No matter how much processing power you have at your fingertips, any computer vision model you build is only as good as the data used to train it. And the beating heart of all that data is the way you define your data. The initial semantic knowledge that’s used to orient any dataset (or point cloud, in this case) has to be provided by an actual human. For whatever reason, most humans simply won’t make this type of error:
That said, while humans wouldn’t mistake a horse-drawn carriage for a tractor-trailer, more fine-grained or subtle differences are another matter.
Consider, for example, just how much education you’d need to distinguish between images of tumors. The quality of specialized knowledge is variable across people. And while it’s possible to overcome individual variation by using multiple independent annotators who validate each other’s work (see our post on annotation review here) and to train a team of annotators to correctly annotate highly complex raw data, having the right rubric and the annotation tools for your own personal experimentation is the most important crucial first step.
No one knows your research objectives better than yourself. And so, it’s important for any computer vision projects you undertake, no matter how small or large they eventually become, that you create the rubric for segmenting the data. The first, underlying source of truth has to come from you.
How to create a robust 3D rubric
When you build a rubric, here are the best practices you should observe:
- Define the limits of your (data collection) systems:
- How are your cameras and/or other sensors calibrated?
- How accurately does your system represent localization?
- Define what “quality” means:
- Develop visual examples of how a properly annotated item looks like.
- Define the different error types that annotators will likely generate.
- Create a scoring scheme.
- Create “gold tasks”, i.e., a pre-scored task, not just an item, that future tasks can be judged against.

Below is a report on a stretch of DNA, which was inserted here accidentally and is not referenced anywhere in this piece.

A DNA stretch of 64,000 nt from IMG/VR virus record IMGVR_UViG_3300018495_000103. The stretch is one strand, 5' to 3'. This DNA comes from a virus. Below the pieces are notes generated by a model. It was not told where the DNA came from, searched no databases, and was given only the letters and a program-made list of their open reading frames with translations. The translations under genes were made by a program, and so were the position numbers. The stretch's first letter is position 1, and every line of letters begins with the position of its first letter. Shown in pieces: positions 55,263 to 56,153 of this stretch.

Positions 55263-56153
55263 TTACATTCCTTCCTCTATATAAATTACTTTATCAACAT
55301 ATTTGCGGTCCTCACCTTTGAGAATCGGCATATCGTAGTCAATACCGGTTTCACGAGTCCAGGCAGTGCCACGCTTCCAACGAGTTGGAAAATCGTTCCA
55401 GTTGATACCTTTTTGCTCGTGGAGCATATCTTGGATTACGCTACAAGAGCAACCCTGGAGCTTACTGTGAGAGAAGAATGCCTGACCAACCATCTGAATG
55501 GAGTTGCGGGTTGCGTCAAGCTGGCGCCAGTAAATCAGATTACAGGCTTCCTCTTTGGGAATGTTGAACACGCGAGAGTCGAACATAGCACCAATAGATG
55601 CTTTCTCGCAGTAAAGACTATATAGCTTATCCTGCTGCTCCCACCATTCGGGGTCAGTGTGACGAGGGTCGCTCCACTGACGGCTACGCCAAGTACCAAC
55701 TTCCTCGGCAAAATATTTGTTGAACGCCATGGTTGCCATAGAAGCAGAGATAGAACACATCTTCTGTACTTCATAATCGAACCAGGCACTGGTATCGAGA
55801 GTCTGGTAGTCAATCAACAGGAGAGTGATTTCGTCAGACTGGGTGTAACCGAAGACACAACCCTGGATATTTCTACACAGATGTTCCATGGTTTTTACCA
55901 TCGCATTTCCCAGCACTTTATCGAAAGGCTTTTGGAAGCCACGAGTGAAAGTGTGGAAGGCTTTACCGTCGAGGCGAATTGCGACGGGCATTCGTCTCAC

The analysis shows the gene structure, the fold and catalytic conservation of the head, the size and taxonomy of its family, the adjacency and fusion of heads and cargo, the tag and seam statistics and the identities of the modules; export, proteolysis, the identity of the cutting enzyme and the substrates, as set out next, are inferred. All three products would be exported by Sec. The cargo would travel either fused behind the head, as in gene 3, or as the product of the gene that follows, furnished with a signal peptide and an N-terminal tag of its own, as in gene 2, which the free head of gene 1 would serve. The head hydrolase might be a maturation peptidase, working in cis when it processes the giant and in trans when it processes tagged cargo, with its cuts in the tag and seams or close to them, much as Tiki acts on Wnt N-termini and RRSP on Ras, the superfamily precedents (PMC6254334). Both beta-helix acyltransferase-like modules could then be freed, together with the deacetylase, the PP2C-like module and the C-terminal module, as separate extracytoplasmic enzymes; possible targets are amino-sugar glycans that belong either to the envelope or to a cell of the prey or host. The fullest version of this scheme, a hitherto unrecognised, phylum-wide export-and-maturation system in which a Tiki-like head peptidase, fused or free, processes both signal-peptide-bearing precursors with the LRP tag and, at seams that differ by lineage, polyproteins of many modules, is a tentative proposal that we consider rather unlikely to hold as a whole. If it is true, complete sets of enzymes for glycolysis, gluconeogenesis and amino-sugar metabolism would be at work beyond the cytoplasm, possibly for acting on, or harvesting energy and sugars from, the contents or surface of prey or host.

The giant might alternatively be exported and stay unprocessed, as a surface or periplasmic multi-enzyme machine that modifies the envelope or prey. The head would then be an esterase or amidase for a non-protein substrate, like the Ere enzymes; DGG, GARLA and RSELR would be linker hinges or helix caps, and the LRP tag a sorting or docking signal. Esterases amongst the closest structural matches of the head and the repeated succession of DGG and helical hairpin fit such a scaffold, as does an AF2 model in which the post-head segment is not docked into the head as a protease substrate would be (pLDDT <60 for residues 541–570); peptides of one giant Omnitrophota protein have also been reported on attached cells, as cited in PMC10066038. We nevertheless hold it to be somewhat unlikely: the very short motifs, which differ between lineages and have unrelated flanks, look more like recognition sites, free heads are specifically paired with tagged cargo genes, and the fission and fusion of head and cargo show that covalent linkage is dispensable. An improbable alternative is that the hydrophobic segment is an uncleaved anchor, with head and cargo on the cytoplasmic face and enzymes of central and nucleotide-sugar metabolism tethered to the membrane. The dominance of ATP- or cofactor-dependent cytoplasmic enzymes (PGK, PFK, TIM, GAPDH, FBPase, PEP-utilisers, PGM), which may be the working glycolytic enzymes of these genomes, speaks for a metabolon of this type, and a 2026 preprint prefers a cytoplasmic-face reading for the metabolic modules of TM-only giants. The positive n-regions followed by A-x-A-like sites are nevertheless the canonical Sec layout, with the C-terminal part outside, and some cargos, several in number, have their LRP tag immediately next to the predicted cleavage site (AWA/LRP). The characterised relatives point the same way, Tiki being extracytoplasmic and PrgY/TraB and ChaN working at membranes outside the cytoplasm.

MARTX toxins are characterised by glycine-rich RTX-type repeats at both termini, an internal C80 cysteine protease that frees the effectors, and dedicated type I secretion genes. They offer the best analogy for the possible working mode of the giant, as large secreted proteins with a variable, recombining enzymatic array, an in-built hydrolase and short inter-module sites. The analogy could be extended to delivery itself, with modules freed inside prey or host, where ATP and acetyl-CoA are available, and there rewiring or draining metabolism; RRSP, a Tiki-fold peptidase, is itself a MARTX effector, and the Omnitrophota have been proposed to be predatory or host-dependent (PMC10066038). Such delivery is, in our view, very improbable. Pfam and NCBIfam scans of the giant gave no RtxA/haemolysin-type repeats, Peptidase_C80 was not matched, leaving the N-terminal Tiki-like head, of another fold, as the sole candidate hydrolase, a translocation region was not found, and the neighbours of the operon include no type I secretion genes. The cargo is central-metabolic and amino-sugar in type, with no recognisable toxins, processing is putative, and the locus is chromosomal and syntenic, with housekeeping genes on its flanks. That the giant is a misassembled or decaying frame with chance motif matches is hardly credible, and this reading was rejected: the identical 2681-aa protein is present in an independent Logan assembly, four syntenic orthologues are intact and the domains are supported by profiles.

- Test and iterate using a small subset of your data so that you’re sure the steps you took above actually yield results in line with your expectations. Keep going until your rubric enables independent annotators to perform at a threshold you deem optimal. When you do, you know you can start scaling your project.
So that’s the plan for developing a robust rubric. But you probably noticed that there’s a key ingredient crucial to the success of your rubric in those steps: A platform that lets you test out the rubric in the first place.
A prerequisite for 3D quality rubrics
Currently, data scientists largely have to create their own annotation software from scratch (or select a handful of disparate tools to curate, annotate, and gather training data), or go straight to hiring managed services to annotate point cloud data. You’re respectively burning up a lot of your own time or a lot of money in these two scenarios.
The ideal solution is to find a singular platform that has all the same 3D annotation features used by professional 3D annotation companies:
- Data validation/model prediction tools;
- An easy to use user interface;
- Compatibility with all major point cloud file formats
- Configurability of metadata types;
- A very quick startup time;
- Quickly adaptable settings; and
- Ease of scaling.
Luckily, that’s where Sama Go comes in. We here at Sama built a platform for our own expert 3D annotators use, and we’ve now opened up that platform to you.
Sama Go was built by data scientists for data scientists because, frankly, we simply couldn’t find the tools we needed to make the best computer vision models possible. So you can be sure that if you have any data annotation needs, we’ll have experienced it too and built a tool that meets those needs.